You all bring different things to the plate musically and to be able to mesh it and yet still each hold onto the things you do well, it seems like you were about to do both.
Pat: And I think everybody’s had a chance to shine and have that opportunity to feel good about what we’ve done and really, it’s obvious who are great songwriters who connect with the audience. And certainly when we do a project, we, speaking for myself, I'm always looking at Tommy or if Mike’s doing something. I’m looking to those guys because I know they’re good writers and they’re always going to have something good. So for me, I look to them always. But bythe same token, I'm always trying to write something myself and hoping that I can present it and have some fun with it. That's what it’s all about, it’s really about having fun with the music.
Michael: Another good point too is the band always had an eclectic songbook. The band, from the very beginning, long before myself or any of the other guys Pat mentioned came along, The Doobie Brothers were known for taking you on a musical stylistic journey on each of the records. There was everything from a classical rock approach to some songs or country stuff, or instrumentals. It’s always been, to me, a band that’s been fun to play with for that reason. All the songs seem so diverse and different and it makes it the whole show for me much more interesting and I think for the audience, too.
Tom: I would jump in here and say that even back in the beginning, we would come in with an idea and it was never pretty much fleshed out all the way by any means. And in essence, the band would come up with a lot of the meat that needed to be put on the bones of the song. You might have the chord changes and you might have an idea rhythmically, but as far as the bass, drums, Pat would come up with a finger picking part or whatever, it's a group effort a lot, especially in the early part. And most of us wrote alone. We didn't write with somebody else most of the time. So you really didn't have anything to bounce it off of until you took it down, I have to say the basement, because that's what we were working in those days and see what everybody thought. And Teddy, of course, put the shine, if you will, on everything and came up with a lot of great ideas. But it was a group effort of writing and so that's why we had that diversity.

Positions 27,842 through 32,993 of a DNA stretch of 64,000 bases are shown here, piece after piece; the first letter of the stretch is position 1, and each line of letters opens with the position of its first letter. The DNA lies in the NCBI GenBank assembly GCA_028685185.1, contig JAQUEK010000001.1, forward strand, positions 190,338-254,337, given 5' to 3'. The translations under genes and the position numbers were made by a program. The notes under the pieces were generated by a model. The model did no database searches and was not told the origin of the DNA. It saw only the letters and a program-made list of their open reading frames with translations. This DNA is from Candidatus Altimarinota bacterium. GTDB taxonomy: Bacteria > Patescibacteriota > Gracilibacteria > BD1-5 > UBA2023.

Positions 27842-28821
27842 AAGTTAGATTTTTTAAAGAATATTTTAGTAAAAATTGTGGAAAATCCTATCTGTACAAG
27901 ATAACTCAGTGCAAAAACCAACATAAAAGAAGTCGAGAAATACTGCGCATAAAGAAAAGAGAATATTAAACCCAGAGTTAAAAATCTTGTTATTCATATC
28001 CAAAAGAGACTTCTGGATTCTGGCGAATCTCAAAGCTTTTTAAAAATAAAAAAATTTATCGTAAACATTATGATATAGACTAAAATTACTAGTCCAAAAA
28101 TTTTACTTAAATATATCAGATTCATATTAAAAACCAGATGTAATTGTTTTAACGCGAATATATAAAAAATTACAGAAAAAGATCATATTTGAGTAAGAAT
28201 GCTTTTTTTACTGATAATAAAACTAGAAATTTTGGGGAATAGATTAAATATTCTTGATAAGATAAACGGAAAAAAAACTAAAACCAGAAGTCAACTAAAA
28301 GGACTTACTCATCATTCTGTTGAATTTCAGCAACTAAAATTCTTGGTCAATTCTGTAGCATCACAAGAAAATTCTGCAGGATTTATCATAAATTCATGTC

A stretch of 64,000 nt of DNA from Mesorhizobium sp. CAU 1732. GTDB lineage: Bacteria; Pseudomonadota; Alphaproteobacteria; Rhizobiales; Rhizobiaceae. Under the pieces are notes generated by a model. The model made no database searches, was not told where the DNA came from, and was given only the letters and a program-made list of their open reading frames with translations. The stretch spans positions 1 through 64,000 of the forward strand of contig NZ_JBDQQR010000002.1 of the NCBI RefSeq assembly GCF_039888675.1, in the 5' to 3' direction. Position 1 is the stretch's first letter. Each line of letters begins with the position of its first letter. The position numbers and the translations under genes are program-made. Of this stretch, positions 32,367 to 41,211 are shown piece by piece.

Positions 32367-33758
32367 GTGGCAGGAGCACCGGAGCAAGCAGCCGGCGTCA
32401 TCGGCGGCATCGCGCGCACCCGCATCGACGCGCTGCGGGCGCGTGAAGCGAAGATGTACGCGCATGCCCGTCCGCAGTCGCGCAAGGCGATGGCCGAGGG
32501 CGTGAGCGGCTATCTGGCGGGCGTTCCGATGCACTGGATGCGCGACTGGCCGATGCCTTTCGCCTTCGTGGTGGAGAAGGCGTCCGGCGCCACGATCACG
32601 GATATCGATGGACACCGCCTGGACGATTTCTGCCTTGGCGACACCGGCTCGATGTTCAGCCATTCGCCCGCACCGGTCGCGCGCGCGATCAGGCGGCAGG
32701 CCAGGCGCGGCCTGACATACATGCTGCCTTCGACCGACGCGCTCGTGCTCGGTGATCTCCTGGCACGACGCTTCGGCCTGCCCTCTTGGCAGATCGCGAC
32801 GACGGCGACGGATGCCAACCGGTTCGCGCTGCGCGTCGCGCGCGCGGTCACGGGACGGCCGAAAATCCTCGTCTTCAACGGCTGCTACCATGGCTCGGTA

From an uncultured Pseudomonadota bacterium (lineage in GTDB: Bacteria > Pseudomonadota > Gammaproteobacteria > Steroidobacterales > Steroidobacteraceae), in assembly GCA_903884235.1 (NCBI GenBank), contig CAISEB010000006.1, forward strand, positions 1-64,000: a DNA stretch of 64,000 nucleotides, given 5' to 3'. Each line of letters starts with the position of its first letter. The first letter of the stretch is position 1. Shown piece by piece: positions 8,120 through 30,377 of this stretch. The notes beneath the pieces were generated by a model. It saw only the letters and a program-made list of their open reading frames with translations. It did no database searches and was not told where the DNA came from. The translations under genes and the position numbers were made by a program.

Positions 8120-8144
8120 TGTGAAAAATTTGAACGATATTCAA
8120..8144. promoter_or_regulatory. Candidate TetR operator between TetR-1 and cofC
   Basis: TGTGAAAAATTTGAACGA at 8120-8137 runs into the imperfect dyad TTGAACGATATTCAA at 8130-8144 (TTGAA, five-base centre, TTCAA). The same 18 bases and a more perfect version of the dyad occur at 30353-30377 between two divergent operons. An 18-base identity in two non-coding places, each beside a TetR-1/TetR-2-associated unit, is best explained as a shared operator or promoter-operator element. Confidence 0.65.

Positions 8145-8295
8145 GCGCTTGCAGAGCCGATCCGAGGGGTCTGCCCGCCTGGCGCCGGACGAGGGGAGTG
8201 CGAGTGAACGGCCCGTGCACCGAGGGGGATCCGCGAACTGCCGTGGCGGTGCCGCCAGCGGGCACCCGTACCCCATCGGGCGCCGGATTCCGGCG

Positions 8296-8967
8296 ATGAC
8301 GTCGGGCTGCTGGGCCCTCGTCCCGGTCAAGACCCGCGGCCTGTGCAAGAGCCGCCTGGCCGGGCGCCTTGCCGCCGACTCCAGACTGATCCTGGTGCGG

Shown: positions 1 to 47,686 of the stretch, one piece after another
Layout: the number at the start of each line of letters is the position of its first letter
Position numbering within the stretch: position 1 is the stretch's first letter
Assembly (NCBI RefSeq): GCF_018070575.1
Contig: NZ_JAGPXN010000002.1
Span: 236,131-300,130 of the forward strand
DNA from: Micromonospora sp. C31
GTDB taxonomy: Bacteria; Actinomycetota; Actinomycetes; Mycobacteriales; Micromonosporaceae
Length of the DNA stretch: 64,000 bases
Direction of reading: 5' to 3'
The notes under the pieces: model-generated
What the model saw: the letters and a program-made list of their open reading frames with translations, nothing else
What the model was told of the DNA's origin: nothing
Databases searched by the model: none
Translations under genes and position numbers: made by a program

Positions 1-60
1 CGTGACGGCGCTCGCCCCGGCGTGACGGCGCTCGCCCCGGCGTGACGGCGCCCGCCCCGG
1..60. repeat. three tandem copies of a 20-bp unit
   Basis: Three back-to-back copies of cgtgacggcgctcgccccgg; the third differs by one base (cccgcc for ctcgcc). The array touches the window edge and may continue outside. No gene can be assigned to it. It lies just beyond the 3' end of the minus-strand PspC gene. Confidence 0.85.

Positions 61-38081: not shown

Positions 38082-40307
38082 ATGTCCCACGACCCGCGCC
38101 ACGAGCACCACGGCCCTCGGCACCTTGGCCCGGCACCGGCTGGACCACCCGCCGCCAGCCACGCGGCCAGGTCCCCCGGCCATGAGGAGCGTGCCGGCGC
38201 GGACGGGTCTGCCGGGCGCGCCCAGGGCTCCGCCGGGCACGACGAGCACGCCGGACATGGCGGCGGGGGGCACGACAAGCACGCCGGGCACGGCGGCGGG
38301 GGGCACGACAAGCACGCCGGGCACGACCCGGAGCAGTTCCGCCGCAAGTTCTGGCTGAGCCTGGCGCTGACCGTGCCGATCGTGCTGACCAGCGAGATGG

What kind of sound can fans expect from your 15th album, Liberté?
Tom: That was done with John Shanks and I would give him a lot of credit as far as the direction we went. Pat and I came up with ideas to start with, but he had ideas too, and it worked really well. It happened really fast, which was something new and a different way to write. It was fun, really. But it was probably one of the more different albums that we’ve done, musically speaking. And I think we did that whole album... Well, if you throw in COVID, it got stretched out. It’s a pretty different album for us, which is good. I didn’t want do another of the same old. Although I got to say the one that preceded it, World Gone Crazy, was pretty different for this band as well.
Pat: I don't think we’ve ever conceptualized, in terms of as we go in to do a project, I don’t think most musicians do, to be honest with you. I think you write a song or two and you go in and you try to record it and it’s just hoping that you come up with something good. And any concept that evolves from that is simply happenstance in a way, serendipity that, ‘Oh, gosh, all these songs, they worked together. I never would've imagined.’ When we did Toulouse Street, it was like, ‘Oh, wow. Who would’ve thought that this reminds us of a southern rock band?’ We weren't going for that. We were San Francisco psychedelic guys or we thought of ourselves in those terms. And we ended up with this southern blues album. We go, ‘Wow, this is so much cooler than we ever would've imagined.’ I think that we actually coalesced into something that was conceptual and that’s happened on a few records I think of ours. It's really an accident when it happens. I think the producer has something to do with that in terms of setting the tone or setting the mood. But for us, it’s just really sitting down and writing some songs and hoping that we can come up with the material to do a whole album right.